Since humans are filled with red blood (at least most of us
) cameras are notorious for picking up the red behind our eyes resulting in that awful "red eye" effect. Sadly, I have seen too many of my photos spoiled by this problem.
So what can we do to fix this?
Visine comes to mind, but using it on a computer screen doesn't work. Trust me, I've tried.
Luckily Photoshop has a few helpful tools.
In this tutorial, we will try two different approaches.
Here is our model. I'm hoping the night on the town was worth it because this guy has some serious red eye.
You can download the image: https://www.dropbox.com/s/3cb8hgi4l1i5p ... y.jpg?dl=0
1. THE QUICK AND EASY RED EYE TOOL.
Located in the tool box under the eyedropper tool (at least that's where it is located in Photoshop CS 5), you'll find the Red Eye Tool
Click on it to activate and adjust the tool settings to accommodate a small area.
Click around the eye wherever there is red. You can adjust the tool settings for a better result.
In my experience this tool is fine for a quick fix on areas that are not that noticeable.
Here's what my version looks like after applying several clicks. As you can see, it did take care of the red eye, but it darkened the rest of the area too much. Now he just looks grumpy.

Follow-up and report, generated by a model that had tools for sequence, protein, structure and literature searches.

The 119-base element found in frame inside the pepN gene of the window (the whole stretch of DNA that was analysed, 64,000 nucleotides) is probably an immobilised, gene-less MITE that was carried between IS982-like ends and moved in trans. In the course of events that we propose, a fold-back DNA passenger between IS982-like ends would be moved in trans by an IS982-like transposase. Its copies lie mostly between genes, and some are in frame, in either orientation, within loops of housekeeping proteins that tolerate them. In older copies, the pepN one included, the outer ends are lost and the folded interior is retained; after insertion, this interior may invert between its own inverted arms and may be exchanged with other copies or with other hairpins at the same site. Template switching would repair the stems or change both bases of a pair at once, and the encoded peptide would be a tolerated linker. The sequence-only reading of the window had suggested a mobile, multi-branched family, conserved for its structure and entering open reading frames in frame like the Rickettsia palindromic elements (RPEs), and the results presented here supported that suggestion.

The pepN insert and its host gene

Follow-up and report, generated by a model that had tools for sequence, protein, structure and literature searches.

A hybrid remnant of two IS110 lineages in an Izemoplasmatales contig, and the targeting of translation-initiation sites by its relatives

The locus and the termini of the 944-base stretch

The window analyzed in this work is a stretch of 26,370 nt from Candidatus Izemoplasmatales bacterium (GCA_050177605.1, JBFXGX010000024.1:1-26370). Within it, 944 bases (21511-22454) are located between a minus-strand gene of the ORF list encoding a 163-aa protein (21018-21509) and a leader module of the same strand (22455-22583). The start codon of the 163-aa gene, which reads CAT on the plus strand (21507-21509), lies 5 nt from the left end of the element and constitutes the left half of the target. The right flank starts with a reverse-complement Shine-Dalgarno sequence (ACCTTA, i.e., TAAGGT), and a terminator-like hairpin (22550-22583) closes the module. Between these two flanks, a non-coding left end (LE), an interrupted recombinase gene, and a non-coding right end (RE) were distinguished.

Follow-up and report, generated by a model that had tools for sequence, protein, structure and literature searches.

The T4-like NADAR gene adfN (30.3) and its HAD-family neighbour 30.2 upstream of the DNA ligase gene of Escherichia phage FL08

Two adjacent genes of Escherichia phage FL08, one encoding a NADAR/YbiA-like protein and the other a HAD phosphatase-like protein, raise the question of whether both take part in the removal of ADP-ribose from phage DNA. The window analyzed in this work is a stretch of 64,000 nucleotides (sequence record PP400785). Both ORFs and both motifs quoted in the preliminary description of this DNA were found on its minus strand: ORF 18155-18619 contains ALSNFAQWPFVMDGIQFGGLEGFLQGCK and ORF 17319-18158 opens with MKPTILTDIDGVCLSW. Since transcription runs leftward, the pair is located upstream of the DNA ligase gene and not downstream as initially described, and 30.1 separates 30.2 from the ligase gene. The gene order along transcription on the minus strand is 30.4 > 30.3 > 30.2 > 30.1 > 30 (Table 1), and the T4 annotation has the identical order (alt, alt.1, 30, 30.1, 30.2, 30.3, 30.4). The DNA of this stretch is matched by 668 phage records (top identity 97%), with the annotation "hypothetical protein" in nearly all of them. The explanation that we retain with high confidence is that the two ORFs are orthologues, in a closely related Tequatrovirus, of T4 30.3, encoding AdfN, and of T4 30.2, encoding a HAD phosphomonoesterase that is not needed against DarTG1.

Unfortunately, this poor guy needs all the help he can get.
2. The Not So Quick Adjustment Layers Method.
Add a Hue/Sat adjustment layer and pull the saturation slider all the way to the left. This desaturates the entire picture but we'll take care of that next.
I also pulled the Lightness slider a bit to the right.
Add a layer mask to the Hue/Sat adjustment layer and fill it with black.
Get a soft white brush and brush around the red eye area.
Here's what mine looks like now:
Next add a Brightness/Contrast adjustment layer and use these settings:
Since you already did the work isolating the eye part of the eye in the Hue/Sat layer mask, you can use a clipping mask for the Brightness/Contrast layer. Your brightness/contrast setting will only affect the area in the layer it is clipped to.
(Or you can add a layer mask as you did with the Hue/Sat adjustment, fill with black and use the white soft brush again)
Of course you can stop there. But if you want to add a little more realism into his eye, you can give it a "glow"
Add a layer at the top and using a small white soft brush, click once somewhere in his eye.
Move this white blurry circle around to where you think it looks best.
Lower the layer opacity to suit and viola'!
Here is my finished photo: